Many clinicians are already well aware of the Period 3 Approach to CNS Functional Transformation using Non-Linear Dynamical (NLD) Control Mechanisms. They know the simple yet comprehensive way this paradigm organizes the diversity of techniques available to practicing neurofeedback clinicians. And they know how effective this single approach is across the entire range of disorders and conditions for which neurofeedback is used. Until now constraints in computing platforms and software have limited the full impact of the Period 3 Approach. In particular, each of the periods has been conceptualized as a separate procedure and clinicians have fractionated their clients between them. This has, of course, led to questions concerning the appropriate or optimal sequencing of these transitions ÿ an unfortunate outcome of limitations in computers, not the paradigm. Although highly effective, this quasi-sequenced implementation has diminished the potential of a truly revolutionary approach. With new equipment it is now possible to implement the full protocol concurrently: we call this advance the NeuroCare Matrix ™. Navigating the NeuroCare Matrix ™ involves "real-time" processing of multiple augmentation parameters as well as multiple inhibits. In the past, we could only train SMR and Beta simultaneously and this restriced the clinician to focussing on a single, limiting perspective on the emerging clinical data. Now we can train all of the augments simultaneously, raising several important issues. In this workshop, we will consider these issues and reveal new training approaches that are only now possible. You will learn how to:

Shift perspectives on the matrix to emulate older more limited systems.

Use Joint-Time Frequency Analysis (JTFA) techniques to analyze your data meaningfully and easily.

Use a new improved Frequency Mirror to both monitor ongoing EEG and to threshold and modify filter ranges on the fly.

Maximize clinical effectiveness by navigating the NeuroCare Matrix ™.
 
Goals:
Describe how the NeuroCare Matrix ™ is a superset incorporating all current neurofeedback paradigms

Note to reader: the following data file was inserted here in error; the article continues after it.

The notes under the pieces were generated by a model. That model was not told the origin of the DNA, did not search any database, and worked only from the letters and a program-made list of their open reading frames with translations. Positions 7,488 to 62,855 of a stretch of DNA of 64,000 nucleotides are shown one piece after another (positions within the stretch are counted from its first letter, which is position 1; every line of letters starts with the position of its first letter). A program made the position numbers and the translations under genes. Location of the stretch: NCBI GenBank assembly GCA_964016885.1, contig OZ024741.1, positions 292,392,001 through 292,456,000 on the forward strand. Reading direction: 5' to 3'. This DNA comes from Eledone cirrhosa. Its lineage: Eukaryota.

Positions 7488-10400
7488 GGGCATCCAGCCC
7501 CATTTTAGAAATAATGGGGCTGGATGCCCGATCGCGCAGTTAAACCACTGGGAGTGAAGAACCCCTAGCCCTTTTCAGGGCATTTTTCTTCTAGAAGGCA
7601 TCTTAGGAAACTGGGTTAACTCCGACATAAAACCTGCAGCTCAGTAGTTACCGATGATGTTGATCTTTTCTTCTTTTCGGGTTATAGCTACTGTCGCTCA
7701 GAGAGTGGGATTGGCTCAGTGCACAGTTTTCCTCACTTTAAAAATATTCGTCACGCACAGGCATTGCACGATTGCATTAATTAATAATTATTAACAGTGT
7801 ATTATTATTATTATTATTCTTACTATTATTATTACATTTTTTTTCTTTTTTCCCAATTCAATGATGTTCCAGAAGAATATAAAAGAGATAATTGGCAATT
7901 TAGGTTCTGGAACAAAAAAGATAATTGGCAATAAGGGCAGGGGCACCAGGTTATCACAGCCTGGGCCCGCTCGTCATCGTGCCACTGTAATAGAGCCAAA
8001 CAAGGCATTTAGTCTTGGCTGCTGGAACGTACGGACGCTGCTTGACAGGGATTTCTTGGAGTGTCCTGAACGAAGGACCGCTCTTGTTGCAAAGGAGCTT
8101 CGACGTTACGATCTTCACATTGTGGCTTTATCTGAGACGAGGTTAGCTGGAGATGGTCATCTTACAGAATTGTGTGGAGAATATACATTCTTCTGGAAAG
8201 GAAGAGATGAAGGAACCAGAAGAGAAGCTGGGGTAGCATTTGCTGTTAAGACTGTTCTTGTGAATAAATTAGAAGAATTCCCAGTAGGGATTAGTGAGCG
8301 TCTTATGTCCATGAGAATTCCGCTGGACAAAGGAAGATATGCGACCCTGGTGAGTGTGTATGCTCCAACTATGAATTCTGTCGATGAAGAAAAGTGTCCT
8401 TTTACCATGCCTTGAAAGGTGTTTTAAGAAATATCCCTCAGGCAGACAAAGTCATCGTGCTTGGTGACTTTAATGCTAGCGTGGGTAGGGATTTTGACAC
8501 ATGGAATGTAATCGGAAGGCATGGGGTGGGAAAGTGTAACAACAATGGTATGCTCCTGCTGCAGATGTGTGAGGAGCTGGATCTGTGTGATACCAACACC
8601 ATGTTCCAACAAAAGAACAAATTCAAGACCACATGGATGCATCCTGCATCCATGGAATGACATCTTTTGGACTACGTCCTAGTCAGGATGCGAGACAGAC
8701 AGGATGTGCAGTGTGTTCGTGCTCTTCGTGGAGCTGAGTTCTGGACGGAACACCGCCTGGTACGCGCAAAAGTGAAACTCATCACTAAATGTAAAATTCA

Describe how to use the new improved Frequency Mirror to both monitor ongoing EEG and to threshold and modify filter ranges.

Describe the role of JTFA in analyzing EEG.
 
Questions:
The CNS can only train one augment target at a time, more is too confusing. False

When using the NeuroCare Matrix ™ the major difference in training paradigms centers around whether training occurs with eyes open or closed. True

Using linegraphs to monitor the raw waveform is critically important for clinicians using computerized systems. False

Other systems and approaches represent smaller sets of therapeutic possibilities than the Period 3 Approach and this can be seen easily by shifting between perspectives on the NeuroCare Matrix ™. True

Mean, Standard Deviation and Variance are more appropriate, intuitive and visually comprehensible measures than JTFA. False

Conscious processing on the part of the client, coupled with explicit coaching from the clinician, are essential ingredients of neurofeedback. False

Training is best accomplished when fixed trials and static thresholds are used. False
 
Thursday Lecture
Advances In Peak Performance: A Joint Time-Frequency Walk Through The NeuroCare Matrix(r)
Valdeane W. Brown, Ph.D.

For many in our field, Peak Performance continues to be the pursuit of rarefied states of
specialized excellence at great cost of time, effort and money. The outcomes, while